Also in the theme section is "No Baby on Board," by Jenny Staff Johnson, an essay that talks sympathetically about intentionally "child-free" Christian couples and the criticism they receive from many fellow Christians. I don't believe that such a choice can be condemned across the board—not at all (here I would part company with some Christians). On the other hand, I was amazed to find Johnson praising such "child-free" couples for making a "deliberate and considered choice" in contrast to the unthinking masses who simply have children—as if human beings needed to make a "deliberate and considered choice" to do that which it is in their (created) nature to do! And there was worse to come, when Johnson commented that the Sharmans, her model childless couple, "find that their choice generates plenty of heat, but little light on why most Christians presume that investing immense resources into raising a few children is better than using those resources to serve others." I half-expected a supporting quote from that master of the utilitarian calculus, Peter Singer.
Well, if there is nothing in an issue that provokes argument, the magazine is probably too tame: bland stuff. And RQ, as you can judge even from this summary, is far from bland. Why not check out these pieces and the rest of the issue yourself?
John Wilson is Editor of Books & Culture and Editor-at-Large for Christianity Today.
re:generation quarterly is online at regenerator.com. Several of the articles mentioned above have already been posted on the site, including "How I Became a Campus Revolutionary," "What, Me Convert?" "The Necessity of Stories," "The Best of Both Worlds," "My Father's Closet," and "No Baby on Board."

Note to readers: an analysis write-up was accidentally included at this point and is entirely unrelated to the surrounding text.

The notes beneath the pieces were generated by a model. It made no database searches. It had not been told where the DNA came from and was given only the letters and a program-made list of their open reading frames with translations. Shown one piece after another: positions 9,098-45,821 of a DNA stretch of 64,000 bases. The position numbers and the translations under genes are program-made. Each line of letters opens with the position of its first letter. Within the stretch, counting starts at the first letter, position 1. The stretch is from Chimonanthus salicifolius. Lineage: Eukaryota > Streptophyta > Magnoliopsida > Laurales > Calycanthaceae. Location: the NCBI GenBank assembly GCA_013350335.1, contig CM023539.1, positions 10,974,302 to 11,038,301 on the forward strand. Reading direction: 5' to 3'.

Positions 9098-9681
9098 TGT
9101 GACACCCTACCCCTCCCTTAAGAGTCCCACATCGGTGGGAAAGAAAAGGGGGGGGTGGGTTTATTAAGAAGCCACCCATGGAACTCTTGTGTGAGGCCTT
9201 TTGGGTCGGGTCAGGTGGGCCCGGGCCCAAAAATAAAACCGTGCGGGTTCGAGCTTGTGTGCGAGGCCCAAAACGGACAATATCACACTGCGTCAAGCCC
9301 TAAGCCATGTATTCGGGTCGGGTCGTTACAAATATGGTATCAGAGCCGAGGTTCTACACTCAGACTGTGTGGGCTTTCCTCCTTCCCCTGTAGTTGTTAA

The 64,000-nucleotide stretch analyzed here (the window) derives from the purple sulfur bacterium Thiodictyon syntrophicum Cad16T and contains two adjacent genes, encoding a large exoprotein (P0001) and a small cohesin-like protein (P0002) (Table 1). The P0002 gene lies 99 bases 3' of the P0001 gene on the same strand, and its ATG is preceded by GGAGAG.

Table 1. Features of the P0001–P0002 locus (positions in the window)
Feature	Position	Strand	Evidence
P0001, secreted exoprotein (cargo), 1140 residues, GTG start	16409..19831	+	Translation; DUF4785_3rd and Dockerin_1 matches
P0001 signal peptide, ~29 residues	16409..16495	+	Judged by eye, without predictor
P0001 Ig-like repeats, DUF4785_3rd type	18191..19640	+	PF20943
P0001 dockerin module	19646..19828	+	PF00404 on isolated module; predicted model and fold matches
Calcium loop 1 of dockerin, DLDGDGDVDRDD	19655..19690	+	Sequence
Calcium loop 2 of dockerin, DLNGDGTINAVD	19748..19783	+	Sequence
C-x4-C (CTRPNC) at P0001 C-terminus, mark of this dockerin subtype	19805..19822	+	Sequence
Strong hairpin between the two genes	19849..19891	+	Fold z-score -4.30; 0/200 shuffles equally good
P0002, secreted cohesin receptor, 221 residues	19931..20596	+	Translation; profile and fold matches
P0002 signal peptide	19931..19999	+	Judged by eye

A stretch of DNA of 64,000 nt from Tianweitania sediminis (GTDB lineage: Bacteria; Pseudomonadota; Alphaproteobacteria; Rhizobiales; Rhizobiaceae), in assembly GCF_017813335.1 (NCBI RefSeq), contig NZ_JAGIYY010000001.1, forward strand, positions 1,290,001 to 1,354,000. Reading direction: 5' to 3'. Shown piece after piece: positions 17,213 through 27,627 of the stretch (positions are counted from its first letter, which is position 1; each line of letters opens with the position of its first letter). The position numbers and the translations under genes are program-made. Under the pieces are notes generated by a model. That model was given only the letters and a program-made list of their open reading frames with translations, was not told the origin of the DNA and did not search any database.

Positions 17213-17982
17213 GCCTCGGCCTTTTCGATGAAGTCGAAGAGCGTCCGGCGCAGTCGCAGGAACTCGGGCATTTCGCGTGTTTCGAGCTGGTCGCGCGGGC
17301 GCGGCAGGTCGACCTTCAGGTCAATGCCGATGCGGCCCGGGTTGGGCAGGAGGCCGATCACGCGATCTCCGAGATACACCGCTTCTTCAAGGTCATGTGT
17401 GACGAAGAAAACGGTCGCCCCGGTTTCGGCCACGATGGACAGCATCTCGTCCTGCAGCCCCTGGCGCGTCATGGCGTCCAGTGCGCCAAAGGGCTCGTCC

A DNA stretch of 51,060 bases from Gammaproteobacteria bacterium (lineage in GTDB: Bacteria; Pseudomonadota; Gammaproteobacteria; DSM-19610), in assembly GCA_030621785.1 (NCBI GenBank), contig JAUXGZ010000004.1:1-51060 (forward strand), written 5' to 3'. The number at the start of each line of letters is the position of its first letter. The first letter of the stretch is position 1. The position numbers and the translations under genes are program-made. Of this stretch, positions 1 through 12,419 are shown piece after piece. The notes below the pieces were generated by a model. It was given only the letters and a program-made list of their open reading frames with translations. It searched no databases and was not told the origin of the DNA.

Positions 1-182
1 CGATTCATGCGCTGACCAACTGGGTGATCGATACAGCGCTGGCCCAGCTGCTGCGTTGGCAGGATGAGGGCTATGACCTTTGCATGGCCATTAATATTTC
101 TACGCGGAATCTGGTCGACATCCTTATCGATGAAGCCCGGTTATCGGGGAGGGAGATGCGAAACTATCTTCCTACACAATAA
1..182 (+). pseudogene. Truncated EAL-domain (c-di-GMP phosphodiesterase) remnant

In 1997, Christianity Today named RQ one of 10 resources Christians need for understanding today's world.
Books & Culture Corner appears Mondays at ChristianityToday.com. Earlier Books & Culture Corners include:
The Promise of Particularity Amid Pluralism | A dispatch from the Annual Meeting of the American Academy of Religion and the Society of Biblical Literature. (Nov. 22, 2000)
The Horror! | Joan Didion encounters evangelical Christianity. (Nov. 13, 2000)
Election Eve | Why isn't anyone focusing on those who simply won't bother to vote? (Nov. 6, 2000)
Three Books and a Wedding | Remembering the good news. (Oct. 30, 2000)
Unintelligent Designs | Baylor's dismissal of Polyani Center director Dembski was not a smart move.(Oct. 23, 2000)
Crying About Wolfe | Is there a scandal of "The Opening of the Evangelical Mind"? (Oct. 16, 2000)
The Light Still Shines | A Harvard-sponsored conference looks at the future of religious colleges. (Oct. 9, 2000)
RU-486 Uncovers a Lie—And It's Not Just About Abortion | Think the abortion pill is indicative of postmodernity? You're wrong. (Oct. 2, 2000)
Pencils Down Part II | Think your vote matters? You poor, misguided fool. (Sept. 18, 2000)
Pencils Down, the Election's Over | According to political scientists, Al Gore has already won. (Sept. 11, 2000)